Motorsport Games' officially licensed IndyCar game may have ended development before it'll ever get a chance to release. The "entirety" of the team working on the title has been let go, according to journalist Mike Straw on Twitter, who added that it's "increasingly likely the game is dead unless it's sold off," presumably to another publisher. Late Tuesday evening, the company confirmed it suspended work on the long-awaited release during its third-quarter earnings call.
To recap, IndyCar's first licensed video game in decades was announced in 2021 and planned for a 2023 launch. It blew that target, and while the focus shifted to getting the game out the door in 2024 and IndyCar publicly remained hopeful, the odds have appeared increasingly slim that the title would ever see the light of day. All we've seen to date, officially, were some livery-free car models back in 2022. Screenshots and a teaser trailer did leak earlier this month, via Insider Gaming.
The collapse of the IndyCar title mirrors the dissolution of NASCAR's relationship with the publisher, owned by Motorsport Network, which quickly began securing exclusive licenses to a variety of racing events including the British Touring Car Championship (BTCC) and the 24 Hours of Le Mans upon its founding in 2018.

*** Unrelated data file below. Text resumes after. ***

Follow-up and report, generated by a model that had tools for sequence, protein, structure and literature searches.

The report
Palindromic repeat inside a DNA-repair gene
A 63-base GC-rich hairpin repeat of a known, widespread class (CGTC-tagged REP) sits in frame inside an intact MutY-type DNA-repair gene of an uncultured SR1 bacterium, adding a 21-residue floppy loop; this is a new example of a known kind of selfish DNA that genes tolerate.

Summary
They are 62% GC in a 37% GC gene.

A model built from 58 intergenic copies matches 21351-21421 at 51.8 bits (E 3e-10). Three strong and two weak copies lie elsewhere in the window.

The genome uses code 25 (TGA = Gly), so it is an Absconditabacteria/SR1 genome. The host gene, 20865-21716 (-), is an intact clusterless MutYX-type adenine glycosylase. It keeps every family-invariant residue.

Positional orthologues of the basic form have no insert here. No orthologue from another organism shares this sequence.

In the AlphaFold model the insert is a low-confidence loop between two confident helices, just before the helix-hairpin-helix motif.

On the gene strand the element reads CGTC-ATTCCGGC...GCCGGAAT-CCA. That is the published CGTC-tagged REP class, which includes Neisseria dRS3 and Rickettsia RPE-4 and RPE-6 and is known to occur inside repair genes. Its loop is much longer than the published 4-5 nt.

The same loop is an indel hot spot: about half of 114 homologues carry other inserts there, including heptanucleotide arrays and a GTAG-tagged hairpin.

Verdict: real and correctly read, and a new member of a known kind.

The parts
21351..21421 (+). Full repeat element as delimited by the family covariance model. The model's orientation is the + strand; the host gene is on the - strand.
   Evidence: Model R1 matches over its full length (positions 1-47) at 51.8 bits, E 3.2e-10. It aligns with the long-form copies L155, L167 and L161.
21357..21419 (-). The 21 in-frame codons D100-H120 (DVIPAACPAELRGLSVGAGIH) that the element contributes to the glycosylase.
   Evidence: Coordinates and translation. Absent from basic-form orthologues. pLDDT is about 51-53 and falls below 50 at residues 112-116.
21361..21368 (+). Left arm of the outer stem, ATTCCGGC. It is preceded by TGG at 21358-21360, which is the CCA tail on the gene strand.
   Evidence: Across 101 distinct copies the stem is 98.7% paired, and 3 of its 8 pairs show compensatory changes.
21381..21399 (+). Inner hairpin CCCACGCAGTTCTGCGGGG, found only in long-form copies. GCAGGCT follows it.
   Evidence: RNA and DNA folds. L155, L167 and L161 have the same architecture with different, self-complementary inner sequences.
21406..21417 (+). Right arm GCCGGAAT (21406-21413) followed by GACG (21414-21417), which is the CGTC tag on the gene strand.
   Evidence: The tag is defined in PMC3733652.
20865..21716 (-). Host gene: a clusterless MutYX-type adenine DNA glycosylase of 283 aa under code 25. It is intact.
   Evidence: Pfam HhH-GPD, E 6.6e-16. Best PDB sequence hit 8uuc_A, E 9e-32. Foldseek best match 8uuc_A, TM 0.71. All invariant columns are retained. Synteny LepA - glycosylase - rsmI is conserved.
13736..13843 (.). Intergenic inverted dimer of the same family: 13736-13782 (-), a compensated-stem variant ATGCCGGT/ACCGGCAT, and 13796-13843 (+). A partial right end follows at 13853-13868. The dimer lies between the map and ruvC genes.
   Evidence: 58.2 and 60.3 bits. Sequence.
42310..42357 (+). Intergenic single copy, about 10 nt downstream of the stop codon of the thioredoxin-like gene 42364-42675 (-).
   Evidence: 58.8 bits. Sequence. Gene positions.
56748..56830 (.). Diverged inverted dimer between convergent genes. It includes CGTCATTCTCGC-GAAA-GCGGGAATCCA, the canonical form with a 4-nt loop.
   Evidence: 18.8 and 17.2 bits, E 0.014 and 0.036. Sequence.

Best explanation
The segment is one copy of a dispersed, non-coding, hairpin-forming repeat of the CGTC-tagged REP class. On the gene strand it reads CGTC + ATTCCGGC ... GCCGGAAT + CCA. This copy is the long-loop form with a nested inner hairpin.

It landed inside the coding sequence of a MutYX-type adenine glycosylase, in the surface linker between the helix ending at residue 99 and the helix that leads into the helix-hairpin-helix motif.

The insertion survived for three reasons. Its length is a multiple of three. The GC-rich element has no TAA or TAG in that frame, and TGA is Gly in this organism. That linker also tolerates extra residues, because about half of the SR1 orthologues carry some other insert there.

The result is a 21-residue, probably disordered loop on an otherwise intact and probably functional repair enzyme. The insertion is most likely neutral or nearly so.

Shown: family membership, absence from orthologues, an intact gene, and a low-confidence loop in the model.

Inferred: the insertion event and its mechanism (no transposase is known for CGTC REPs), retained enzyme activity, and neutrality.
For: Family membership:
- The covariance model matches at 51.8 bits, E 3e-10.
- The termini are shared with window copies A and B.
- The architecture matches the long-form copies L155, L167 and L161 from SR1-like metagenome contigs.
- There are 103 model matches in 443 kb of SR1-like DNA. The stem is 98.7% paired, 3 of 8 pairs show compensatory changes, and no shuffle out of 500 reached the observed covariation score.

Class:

NASCAR was able to get out of its contract with Motorsport Games and jump ship for iRacing.com Motorsport Simulations, which is of course behind the eponymous PC-exclusive sim platform. The company now expects to deliver a console title based around the stock car racing series in 2025. Meanwhile, TOCA, which operates the BTCC, released a statement on Monday saying it was "left with no option but to terminate the agreement and immediately withdraw all licensed BTCC rights that were provided to Motorsport Games."
At the moment, IndyCar isn't revealing much on the status of the game, nor its agreement with the publisher. "We're not at the place yet where we have chosen which path that will be, but it is a top-of-mind question that we’re engaged in," Penske Entertainment CEO Mark Miles told Racer in a story published Tuesday. In September, Miles related he was unsure Motorsport Games had "the resources to finish the job;" it now appears those concerns were valid.
Regardless of what IndyCar's official line is, if there's nobody on staff to make a game—Straw wrote that the project's "lead developer, multiple senior developers, 3D artists, designers, audio designers, and producers" were all laid off—the game isn't happening. Whatever paths are available to Penske Entertainment going forward, it seems all but certain none will involve Motorsport Games.
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